Looking out the window of my kitchen this morning I was astonished to see a few delicate white feathers drifting from above. By the time I pointed out what I’d seen to my husband, they had vanished in a mystery. From where? Were they even feathers? Grey sky above but nothing else to see. No discernible origin. And then a drift of deep grey ones closer to where I stood. I looked up. A large hawk was having its midday meal on an upper branch of a massive maple tree in our urban back yard.
A race ensued to the third floor for a better view, with shouts to our son, to grab the Peterson’s Field Guide to identify our urban raptor. So we watched as a red-tailed hawk ate its junco meal, each bite interspersed with wary looks all around, as though it could possibly be threatened by predators!
The hawk finished its meal, spending several minutes in postprandial satisfaction, rubbing its beak against the perch. We were gearing our cameras towards capturing the moment of inevitable flight when one of our fat local squirrels, fat from eating the sunflower seed meant for birds like the sweet juncos we had observed just a day earlier, appeared on the branch just below. It was now in the immediate visual territory of the hawk above.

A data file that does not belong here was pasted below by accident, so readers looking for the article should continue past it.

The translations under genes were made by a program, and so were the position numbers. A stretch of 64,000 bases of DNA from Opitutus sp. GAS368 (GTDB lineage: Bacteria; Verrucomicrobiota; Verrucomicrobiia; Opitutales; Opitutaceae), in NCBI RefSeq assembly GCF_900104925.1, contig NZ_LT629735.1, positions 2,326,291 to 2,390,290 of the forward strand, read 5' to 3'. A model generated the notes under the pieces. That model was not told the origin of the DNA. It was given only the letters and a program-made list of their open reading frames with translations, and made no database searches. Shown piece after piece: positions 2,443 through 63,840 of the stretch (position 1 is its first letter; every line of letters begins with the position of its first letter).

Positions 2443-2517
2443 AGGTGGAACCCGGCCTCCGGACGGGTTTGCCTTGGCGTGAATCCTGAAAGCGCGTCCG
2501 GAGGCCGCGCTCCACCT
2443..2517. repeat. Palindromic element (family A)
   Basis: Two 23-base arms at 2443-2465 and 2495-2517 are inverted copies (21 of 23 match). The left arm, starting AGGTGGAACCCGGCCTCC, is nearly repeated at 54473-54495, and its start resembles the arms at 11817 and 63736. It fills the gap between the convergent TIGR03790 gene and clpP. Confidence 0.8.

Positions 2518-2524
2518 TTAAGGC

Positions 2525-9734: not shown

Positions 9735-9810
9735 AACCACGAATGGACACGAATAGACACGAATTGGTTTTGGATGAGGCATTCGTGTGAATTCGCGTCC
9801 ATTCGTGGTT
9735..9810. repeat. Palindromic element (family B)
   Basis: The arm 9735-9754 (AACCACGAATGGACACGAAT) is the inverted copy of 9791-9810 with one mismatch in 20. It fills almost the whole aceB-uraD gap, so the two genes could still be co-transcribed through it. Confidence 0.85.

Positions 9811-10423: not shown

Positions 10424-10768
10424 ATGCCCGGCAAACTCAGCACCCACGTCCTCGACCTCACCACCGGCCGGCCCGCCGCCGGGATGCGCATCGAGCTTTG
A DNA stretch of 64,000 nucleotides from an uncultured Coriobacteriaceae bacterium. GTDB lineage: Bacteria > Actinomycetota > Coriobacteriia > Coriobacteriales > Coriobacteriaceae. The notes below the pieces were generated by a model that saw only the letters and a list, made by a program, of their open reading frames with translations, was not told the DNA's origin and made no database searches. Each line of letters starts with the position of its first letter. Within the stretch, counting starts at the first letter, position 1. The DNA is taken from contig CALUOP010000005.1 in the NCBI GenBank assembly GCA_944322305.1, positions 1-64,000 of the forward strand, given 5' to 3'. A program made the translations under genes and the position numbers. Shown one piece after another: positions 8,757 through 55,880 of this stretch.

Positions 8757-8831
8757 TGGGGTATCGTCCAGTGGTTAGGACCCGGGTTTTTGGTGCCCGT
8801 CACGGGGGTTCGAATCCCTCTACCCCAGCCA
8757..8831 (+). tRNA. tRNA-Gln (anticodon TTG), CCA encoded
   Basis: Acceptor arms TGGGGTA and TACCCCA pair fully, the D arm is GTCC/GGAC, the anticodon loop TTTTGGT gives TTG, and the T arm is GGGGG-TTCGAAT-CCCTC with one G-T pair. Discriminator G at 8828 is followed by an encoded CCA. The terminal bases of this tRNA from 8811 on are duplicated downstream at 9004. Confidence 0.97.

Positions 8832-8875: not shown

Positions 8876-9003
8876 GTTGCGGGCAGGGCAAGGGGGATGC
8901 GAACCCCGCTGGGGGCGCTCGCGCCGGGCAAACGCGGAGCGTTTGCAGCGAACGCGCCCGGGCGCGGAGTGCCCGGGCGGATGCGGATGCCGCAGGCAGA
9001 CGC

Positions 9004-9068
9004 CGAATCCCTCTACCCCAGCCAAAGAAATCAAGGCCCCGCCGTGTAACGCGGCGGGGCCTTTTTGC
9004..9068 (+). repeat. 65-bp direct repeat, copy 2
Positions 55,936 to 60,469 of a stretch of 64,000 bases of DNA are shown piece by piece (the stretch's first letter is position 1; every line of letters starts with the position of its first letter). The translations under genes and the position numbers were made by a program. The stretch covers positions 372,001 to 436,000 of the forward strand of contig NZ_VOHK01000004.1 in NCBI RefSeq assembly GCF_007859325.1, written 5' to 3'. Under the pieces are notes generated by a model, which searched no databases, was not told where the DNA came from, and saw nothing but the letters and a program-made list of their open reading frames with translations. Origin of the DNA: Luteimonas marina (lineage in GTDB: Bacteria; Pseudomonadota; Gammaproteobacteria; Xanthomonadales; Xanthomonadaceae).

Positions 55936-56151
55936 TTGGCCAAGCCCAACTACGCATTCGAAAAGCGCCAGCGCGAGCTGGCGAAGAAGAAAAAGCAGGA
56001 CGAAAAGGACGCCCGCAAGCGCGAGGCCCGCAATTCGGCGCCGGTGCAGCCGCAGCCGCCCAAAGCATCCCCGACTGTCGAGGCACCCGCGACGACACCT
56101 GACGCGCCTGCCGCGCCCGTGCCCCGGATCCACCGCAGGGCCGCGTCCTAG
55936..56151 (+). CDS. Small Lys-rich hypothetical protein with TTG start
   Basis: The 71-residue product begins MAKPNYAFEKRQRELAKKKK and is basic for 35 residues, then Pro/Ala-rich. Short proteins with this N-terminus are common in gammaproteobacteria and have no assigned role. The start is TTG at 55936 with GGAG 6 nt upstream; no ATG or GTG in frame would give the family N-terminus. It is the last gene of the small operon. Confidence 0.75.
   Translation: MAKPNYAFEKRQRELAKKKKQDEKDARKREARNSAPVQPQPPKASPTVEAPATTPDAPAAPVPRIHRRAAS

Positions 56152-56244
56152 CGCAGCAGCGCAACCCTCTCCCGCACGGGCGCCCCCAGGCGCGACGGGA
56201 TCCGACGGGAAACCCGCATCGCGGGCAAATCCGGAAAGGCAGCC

“That squirrel must have a death wish” our son observed. Just then, red-tailed hawk and squirrel became completely aware of each other, as I cringed and started to look away. In an instant the squirrel leaped to the hawk’s branch in pursuit. Crazy death wish for sure! Stunningly, the hawk hastened to flight and the squirrel settled casually into its space.
In the circle of life and death is the unexpected. What do we think we know? Can we know the ending of anything? I think not. It’s a mystery. All the Peterson’s guides or our predictions based on what we know cannot fully inform us.
Be in the moment. See what shows up. Life is astonishing.